This pilot focuses on relationship of military deployment-induced parental absence and combat stress with lower educational and behavioral outcomes among military children. Linking Unites States Marine Corps deployment information from bases in North Carolina with educational records at the North Carolina Research Center, the study examines the effects of family insecurity on education trajectories for military families. The pilot investigates whether the location and conditions of deployment translate into different educational trajectories. Using this sample of Marine families, it also looks at the connection between combat experience and mental health in the deployed parent, and the causal effects of mental health issues on child life trajectories.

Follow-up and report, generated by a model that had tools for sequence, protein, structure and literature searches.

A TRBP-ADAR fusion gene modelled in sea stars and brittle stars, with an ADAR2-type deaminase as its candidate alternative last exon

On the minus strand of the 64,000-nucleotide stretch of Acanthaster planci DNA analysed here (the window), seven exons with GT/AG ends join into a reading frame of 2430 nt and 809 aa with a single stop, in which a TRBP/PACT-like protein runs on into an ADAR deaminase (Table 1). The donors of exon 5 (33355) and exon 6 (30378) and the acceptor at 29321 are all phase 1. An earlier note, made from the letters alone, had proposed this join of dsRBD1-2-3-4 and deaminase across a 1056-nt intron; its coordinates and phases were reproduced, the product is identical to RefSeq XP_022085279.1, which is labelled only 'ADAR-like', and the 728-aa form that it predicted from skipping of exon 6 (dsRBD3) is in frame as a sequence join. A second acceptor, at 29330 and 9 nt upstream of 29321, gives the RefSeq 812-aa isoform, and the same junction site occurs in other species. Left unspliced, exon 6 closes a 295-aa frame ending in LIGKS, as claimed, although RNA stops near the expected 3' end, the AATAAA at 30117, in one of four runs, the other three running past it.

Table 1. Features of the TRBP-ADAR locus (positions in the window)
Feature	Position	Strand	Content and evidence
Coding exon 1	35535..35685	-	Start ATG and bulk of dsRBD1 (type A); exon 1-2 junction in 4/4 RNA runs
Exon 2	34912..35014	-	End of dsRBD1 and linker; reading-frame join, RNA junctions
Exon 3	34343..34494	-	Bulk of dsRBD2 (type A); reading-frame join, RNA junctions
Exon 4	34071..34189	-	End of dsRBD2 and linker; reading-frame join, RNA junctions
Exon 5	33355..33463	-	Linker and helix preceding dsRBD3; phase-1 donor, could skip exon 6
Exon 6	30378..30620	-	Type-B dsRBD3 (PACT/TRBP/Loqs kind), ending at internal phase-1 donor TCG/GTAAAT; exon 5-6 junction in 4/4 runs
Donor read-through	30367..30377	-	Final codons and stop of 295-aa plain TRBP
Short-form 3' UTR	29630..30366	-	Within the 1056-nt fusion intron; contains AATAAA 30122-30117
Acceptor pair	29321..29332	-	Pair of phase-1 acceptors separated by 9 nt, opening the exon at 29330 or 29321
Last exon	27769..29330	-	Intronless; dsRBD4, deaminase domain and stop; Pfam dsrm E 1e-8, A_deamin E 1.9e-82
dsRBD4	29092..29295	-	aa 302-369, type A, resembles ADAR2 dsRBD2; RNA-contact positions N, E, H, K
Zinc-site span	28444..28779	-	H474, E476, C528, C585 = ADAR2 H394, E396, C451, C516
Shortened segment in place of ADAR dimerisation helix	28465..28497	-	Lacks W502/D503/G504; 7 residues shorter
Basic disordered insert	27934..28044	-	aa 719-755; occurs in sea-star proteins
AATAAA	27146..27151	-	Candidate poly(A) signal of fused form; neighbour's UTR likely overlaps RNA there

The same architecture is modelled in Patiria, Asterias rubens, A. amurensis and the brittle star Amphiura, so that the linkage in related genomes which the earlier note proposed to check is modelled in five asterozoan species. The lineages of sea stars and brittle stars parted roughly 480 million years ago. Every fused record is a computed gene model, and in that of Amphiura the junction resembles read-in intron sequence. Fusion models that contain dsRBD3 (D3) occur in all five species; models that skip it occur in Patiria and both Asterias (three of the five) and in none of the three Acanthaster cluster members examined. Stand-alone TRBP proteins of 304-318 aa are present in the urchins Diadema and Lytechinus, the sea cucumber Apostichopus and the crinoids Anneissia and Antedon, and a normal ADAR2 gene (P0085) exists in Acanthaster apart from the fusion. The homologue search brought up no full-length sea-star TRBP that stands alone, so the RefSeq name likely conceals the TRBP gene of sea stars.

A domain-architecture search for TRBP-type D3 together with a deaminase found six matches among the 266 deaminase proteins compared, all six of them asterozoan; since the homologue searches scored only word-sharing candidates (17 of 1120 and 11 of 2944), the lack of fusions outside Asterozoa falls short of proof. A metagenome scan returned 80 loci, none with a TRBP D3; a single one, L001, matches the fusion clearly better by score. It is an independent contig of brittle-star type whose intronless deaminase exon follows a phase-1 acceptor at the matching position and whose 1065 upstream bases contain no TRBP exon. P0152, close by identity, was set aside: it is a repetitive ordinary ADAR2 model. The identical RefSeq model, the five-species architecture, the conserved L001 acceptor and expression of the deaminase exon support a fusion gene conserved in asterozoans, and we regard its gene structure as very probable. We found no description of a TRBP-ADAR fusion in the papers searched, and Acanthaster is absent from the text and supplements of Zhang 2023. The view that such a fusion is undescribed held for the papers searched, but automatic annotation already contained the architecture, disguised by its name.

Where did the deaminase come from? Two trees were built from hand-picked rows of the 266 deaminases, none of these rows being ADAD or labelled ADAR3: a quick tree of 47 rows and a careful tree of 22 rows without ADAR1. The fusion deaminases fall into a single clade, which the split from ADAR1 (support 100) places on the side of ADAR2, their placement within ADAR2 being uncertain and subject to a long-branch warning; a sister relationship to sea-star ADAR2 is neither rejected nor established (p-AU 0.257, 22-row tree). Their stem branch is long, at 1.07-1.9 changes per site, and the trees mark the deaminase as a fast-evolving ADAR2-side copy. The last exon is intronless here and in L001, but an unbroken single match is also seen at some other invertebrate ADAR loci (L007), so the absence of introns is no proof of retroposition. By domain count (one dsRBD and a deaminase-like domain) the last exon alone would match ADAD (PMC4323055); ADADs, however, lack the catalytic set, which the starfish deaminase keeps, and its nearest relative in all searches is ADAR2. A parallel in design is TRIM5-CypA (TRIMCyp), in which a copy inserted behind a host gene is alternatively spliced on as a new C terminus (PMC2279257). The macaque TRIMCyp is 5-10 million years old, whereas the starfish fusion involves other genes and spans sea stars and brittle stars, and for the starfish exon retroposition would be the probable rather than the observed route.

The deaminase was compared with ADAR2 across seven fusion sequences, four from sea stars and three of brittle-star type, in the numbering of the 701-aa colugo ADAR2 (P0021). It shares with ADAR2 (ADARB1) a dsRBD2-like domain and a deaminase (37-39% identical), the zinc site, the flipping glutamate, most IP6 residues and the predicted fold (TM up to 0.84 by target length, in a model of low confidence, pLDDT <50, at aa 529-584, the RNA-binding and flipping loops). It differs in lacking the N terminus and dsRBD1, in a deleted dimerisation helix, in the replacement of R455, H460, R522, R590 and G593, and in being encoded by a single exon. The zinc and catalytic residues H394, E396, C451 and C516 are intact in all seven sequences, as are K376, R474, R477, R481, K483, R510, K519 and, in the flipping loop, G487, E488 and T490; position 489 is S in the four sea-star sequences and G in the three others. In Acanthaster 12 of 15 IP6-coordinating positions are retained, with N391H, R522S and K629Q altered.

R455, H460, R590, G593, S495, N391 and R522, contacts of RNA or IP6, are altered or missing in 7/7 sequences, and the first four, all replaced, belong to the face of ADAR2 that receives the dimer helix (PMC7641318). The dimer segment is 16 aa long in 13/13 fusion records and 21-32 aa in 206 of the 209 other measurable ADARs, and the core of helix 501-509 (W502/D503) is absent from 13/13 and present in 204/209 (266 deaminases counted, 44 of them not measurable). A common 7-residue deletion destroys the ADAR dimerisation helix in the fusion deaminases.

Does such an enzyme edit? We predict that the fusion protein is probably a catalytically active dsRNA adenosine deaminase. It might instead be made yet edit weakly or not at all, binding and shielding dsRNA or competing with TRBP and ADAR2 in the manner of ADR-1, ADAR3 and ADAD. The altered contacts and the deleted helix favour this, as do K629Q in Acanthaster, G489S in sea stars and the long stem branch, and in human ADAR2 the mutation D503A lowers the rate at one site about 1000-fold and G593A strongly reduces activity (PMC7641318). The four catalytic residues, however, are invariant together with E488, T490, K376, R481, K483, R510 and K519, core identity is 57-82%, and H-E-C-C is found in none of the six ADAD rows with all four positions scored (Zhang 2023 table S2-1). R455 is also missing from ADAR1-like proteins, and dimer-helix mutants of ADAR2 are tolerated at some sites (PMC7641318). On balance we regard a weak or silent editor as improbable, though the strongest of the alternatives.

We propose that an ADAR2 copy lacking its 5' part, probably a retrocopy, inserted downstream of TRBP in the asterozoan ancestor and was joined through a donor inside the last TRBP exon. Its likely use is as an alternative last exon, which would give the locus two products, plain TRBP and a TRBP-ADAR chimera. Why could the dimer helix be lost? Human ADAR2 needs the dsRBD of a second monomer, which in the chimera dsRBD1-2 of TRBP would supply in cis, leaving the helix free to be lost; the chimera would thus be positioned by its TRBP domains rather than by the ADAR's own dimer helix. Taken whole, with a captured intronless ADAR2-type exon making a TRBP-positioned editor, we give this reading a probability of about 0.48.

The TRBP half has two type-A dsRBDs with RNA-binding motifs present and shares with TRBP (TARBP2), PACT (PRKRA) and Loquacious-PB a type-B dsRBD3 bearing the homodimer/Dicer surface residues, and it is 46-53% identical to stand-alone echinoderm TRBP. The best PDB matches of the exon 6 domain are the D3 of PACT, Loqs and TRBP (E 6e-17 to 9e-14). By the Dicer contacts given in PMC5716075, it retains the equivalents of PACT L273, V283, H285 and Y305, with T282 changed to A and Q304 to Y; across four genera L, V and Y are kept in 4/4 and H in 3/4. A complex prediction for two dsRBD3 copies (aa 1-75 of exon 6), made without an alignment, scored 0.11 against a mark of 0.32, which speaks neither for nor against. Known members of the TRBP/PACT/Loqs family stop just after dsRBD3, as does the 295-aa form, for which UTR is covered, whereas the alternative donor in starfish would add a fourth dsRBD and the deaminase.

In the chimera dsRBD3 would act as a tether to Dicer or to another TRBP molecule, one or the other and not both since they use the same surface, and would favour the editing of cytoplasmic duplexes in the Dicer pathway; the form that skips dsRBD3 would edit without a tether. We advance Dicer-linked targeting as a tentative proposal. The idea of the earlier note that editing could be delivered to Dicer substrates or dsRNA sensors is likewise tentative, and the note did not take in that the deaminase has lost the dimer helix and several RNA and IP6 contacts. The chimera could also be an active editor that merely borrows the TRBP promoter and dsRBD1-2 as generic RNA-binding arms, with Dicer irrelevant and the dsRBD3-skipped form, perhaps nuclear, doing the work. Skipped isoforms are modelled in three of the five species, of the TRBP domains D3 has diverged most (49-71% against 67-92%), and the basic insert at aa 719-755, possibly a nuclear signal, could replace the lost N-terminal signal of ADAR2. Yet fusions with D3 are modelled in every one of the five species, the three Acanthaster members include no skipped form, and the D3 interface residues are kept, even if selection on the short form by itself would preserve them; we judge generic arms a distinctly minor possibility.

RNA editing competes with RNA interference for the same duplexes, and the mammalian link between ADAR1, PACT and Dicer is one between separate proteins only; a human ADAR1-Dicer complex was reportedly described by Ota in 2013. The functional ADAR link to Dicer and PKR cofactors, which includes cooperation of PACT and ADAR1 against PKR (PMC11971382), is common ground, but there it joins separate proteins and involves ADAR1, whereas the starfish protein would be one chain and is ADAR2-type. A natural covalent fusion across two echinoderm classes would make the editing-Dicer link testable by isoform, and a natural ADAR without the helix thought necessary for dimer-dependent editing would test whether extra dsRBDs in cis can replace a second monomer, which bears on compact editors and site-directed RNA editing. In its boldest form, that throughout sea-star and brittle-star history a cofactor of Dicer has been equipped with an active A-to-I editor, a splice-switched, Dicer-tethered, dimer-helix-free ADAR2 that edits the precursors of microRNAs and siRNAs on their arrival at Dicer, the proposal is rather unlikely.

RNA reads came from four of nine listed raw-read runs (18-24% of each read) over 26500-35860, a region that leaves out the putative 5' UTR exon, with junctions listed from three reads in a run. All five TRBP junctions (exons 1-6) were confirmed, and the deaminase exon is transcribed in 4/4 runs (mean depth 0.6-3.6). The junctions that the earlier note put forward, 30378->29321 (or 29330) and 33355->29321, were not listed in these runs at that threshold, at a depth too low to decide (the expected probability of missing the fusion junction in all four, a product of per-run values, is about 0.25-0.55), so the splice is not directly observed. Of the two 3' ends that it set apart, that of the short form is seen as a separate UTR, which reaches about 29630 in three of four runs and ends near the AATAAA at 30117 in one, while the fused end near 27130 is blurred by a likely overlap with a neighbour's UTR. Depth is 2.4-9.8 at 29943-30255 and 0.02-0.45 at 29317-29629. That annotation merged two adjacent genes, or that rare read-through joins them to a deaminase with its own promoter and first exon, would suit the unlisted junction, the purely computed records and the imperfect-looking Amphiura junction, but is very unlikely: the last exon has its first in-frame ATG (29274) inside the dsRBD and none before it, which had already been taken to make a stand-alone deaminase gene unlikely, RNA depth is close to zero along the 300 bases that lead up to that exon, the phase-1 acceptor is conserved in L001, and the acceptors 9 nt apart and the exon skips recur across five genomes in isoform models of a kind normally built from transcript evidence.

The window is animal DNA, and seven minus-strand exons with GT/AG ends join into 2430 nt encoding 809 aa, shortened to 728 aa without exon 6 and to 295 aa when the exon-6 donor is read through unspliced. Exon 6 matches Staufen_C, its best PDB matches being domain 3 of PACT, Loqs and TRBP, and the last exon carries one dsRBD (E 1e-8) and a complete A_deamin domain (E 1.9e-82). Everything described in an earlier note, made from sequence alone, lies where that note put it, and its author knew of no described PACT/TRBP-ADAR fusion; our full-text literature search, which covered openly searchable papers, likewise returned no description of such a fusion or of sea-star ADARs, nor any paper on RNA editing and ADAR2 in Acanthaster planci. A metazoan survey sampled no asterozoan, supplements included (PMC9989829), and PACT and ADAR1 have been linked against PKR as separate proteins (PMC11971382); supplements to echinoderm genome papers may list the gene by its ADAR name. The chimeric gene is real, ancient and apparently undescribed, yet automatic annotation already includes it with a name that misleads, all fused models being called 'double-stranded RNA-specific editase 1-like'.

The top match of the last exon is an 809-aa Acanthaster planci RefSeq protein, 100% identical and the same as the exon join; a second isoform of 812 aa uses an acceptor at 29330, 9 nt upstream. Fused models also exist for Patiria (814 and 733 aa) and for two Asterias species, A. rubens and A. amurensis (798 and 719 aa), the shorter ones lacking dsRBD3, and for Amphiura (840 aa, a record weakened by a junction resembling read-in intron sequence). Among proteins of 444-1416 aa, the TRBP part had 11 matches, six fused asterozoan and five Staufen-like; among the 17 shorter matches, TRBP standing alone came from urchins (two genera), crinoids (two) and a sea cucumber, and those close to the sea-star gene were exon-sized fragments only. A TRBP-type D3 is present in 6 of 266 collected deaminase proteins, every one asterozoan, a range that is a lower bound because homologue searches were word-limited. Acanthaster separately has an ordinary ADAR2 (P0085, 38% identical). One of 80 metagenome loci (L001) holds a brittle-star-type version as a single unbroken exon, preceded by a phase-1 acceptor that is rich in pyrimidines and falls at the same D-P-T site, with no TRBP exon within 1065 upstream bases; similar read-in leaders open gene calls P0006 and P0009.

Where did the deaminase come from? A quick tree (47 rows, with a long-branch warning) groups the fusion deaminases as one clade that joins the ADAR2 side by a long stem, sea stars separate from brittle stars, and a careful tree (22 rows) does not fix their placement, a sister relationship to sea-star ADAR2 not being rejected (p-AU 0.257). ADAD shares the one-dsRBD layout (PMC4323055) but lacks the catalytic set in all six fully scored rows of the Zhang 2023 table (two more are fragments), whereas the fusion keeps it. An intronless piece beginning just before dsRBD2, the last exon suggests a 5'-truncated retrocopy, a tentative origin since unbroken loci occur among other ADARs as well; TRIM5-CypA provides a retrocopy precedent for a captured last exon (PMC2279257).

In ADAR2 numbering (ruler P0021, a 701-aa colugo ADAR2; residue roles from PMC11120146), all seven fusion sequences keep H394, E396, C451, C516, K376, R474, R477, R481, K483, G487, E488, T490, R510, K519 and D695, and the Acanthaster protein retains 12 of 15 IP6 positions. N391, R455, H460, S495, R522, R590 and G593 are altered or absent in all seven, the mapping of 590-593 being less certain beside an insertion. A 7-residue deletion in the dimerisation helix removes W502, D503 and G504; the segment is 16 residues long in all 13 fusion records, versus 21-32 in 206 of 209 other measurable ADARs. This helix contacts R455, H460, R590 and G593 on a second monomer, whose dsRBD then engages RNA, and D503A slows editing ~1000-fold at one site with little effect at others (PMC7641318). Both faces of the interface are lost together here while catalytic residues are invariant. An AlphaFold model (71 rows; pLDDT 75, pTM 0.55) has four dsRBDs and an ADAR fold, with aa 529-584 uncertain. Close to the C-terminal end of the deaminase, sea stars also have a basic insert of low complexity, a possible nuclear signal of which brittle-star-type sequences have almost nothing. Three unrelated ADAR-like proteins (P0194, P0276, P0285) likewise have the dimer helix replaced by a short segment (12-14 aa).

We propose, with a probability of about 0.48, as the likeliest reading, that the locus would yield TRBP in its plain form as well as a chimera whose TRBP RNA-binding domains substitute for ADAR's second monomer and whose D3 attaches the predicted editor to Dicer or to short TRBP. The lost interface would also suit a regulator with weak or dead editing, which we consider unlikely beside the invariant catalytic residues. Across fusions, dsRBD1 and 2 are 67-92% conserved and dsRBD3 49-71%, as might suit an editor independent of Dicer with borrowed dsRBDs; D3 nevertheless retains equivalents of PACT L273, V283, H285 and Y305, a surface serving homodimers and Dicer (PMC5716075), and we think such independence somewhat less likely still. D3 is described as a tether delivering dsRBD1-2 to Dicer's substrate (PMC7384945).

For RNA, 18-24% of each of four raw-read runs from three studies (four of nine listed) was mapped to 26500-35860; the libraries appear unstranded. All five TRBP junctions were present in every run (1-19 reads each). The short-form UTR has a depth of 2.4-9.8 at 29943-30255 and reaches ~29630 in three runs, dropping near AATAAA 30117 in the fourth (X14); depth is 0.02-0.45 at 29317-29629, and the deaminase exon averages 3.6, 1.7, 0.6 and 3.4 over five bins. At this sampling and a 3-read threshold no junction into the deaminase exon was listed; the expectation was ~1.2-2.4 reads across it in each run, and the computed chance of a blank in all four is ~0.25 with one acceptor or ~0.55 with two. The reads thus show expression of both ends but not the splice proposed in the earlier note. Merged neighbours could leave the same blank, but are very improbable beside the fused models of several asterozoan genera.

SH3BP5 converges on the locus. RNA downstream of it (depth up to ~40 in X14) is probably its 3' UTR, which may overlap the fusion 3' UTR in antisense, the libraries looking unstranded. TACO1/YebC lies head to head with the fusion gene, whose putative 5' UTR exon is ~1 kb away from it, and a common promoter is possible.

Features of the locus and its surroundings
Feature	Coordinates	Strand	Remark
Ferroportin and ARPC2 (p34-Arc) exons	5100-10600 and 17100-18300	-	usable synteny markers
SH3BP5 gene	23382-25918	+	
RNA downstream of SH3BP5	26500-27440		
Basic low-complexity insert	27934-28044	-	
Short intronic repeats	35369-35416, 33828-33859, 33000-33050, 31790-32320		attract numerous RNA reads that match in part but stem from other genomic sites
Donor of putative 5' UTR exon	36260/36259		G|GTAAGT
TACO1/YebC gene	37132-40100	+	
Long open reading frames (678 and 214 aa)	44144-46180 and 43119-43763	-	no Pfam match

While there is an abundance of research regarding how school quality influences student performance, there is relatively little research that explores how parents contribute to and influence childhood educational trajectories. By isolating causal effects within this sample of military families, the pilot fills this research gap, as it estimates whether and how parental absences and workplace stresses affect their school-age children’s educational and behavioral outcomes.